There are a couple of things I have read in the last two days which indicates that the polarization in the Church caused by the highest authority in the Church is recognized on both sides of the divide (more than one I think) in the Church.
In a longer commentary, John Allen, no traditionalist himself, formerly of the National Catholic Reporter and now of middle of the road “Crux” writes this:
At some point, the church too will face a decision about who should lead it next, and it’s not at all clear there’s any greater reason to believe consensus will prevail in Catholicism than in the Italian parliament. At the moment, Catholic opinion appears sharply divided between ardent supporters of Pope Francis and embittered critics, and the level of rancor expressed in both public and private between those two camps is often alarming.
And then this from a “reform of the reform” guy who is throwing in the towel:
Asking present-day clergy to respect the liturgy of the Church is a waste of time: with an obstinacy often coupled with a profound lack of culture, those who occupy the places from which they are supposed to teach, go before, and lead the faithful - at all levels in the Church, from the pope to the simple parish priest - seem to want to systematically sabotage divine worship in a way that remains completely incomprehensible.
My comments: There is only one sane way to go and that is to be a truly traditional Catholic, while befuddled, who respect the papacy and do nothing to denigrate that institution or the men who fill the office despite feet of clay.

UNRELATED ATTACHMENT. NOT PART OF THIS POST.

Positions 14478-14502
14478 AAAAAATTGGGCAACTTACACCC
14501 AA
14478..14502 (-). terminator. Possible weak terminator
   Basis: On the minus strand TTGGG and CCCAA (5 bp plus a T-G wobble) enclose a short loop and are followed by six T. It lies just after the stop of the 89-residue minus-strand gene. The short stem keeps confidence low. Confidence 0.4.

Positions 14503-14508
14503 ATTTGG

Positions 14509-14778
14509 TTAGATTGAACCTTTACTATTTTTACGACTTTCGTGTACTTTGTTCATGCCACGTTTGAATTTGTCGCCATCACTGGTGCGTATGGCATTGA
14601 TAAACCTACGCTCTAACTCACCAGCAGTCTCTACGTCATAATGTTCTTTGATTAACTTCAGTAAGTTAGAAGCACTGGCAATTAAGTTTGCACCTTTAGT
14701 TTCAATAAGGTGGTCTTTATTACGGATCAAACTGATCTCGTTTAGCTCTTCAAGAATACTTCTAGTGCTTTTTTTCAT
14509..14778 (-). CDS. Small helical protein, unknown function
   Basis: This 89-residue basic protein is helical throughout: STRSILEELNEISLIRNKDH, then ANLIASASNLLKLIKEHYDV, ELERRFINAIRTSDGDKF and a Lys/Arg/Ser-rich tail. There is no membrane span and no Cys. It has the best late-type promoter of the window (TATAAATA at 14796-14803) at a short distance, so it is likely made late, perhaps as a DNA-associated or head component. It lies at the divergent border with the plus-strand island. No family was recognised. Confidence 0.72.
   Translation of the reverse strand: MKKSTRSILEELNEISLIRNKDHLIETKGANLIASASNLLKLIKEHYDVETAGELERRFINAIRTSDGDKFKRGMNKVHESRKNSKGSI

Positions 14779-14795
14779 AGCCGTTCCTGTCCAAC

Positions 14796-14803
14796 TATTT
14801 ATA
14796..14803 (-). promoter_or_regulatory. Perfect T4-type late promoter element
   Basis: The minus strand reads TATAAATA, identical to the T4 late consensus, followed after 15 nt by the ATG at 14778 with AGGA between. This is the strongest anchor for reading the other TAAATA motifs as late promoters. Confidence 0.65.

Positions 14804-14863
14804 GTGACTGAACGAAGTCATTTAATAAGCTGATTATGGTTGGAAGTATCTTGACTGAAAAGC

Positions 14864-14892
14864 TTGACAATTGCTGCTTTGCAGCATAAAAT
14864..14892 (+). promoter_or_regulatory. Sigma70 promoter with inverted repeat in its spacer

As theology goes, it is perfectly permissible and obedient for a Catholic to side with the theologies of Joseph Ratzinger, priest, bishop, cardinal, pope and pope emeritus.
His theology of truly respecting and interpreting Vatican II and all its documents to include Sacramentum Concilium within the context of “reform in continuity” will prevent the need to side with any group separate from the papacy in any future schism. And Pope Benedict was intellectually savvy enough to know that much of Vatican II is pastoral, time constrained, not set in stone and capable of being adjusted just as Vatican II adjusted the Council of Trent.
Thus we respect the pope and our local bishops and we move forward with the Ordinary Form of the Church and our parishes doing the best we can to provide transcendent, reverent liturgies, devotions and Catholic spiritualities to our people as well as solid catechesis and support for new movements like home schooling communities and others striving the live Catholicism in a hostile world and church.